Cathy Jones says COVID-19 views didn’t cause discord in her final ’22 Minutes’ season


TORONTO — Former “This Hour Has 22 Minutes” cast member Cathy Jones says her controversial criticisms of COVID-19 measures didn’t hamper her relationships on set in her final season of the CBC series.

Jones tells The Canadian Press she plans to pursue other creative ambitions after wrapping her nearly three-decade-long run on the satirical news show.

Jones announced on Instagram in March that she won’t return to the Halifax-shot “22 Minutes” after starring in every season since the show’s launch in 1993.

CBC’s Sally Catto says in a statement that “while we are sad Cathy is leaving the show, we fully respect her decision.”

The 66-year-old Jones denies rumours that her vocal opposition to COVID-19 lockdowns, masks and vaccination contributed to her departure, which was first reported by Halifax weekly the Coast last month.

Jones admits that her views are a “little different than most people,” but says that didn’t cause discord during production.

“Everybody at ’22 Minutes’ are really old friends,” Jones said by phone from Halifax on Monday.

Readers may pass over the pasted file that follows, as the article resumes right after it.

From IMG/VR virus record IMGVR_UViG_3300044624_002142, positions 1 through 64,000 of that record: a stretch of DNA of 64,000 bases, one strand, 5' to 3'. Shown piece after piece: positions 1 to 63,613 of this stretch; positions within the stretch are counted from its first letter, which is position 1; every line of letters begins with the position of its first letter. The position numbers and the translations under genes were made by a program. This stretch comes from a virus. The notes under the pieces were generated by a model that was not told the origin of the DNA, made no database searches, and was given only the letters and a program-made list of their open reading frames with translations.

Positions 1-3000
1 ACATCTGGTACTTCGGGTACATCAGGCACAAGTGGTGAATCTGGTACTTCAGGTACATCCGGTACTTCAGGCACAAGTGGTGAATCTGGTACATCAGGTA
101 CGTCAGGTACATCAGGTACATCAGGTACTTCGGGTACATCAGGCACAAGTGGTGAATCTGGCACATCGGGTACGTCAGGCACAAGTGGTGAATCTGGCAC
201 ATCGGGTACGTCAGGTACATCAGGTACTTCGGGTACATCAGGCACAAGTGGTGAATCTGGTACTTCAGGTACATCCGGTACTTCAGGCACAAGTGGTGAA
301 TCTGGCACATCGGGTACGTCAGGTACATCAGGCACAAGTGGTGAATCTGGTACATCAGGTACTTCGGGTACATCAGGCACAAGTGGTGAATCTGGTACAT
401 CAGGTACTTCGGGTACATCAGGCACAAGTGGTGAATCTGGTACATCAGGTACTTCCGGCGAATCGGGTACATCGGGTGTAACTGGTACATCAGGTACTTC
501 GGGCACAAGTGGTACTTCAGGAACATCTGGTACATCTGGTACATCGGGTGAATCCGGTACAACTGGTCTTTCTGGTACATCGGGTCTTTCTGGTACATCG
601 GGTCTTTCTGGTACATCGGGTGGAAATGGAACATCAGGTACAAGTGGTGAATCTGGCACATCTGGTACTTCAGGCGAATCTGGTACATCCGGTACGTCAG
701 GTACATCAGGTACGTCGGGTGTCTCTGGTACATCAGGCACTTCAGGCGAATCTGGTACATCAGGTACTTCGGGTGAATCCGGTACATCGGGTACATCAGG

“Everybody is full of grace and kindness, and really doing their best. Nobody is having an easy time with these protocols.”

Jones said she counts herself as “retired” from the venerable series, on which she performed the roles of news anchor, correspondent and various sketch characters.

After “28 wonderful years” on the show, Jones said she felt it was time to move on.

“I should have walked out of there like 10 years ago, 20 years ago… I think I would have done a lot of interesting creative projects if I hadn’t had that kind of safe place to land,” Jones said.

“But I really do appreciate that it was there. It meant a lot to me to have a show for that long and for those people to be always so welcoming.”

“I have to have a life separate from ’22 Minutes,’ and I’m really happy to not be going back this time,” she continued.

Jones has recently garnered scrutiny on social media for promoting conspiracy theories about COVID-19 vaccination and mask-wearing, including attending a protest against pandemic protocols in Halifax last weekend.

The comedian and writer said she believes “people’s health should be really in their own hands and not in the hands of the government,” adding that the pandemic is sowing division and inhibiting the free flow of public discourse.

Science overwhelmingly indicates that COVID-19 vaccines are both safe and effective, and public health experts say wearing masks can help prevent the spread of the virus.

Adina Bresge, The Canadian Press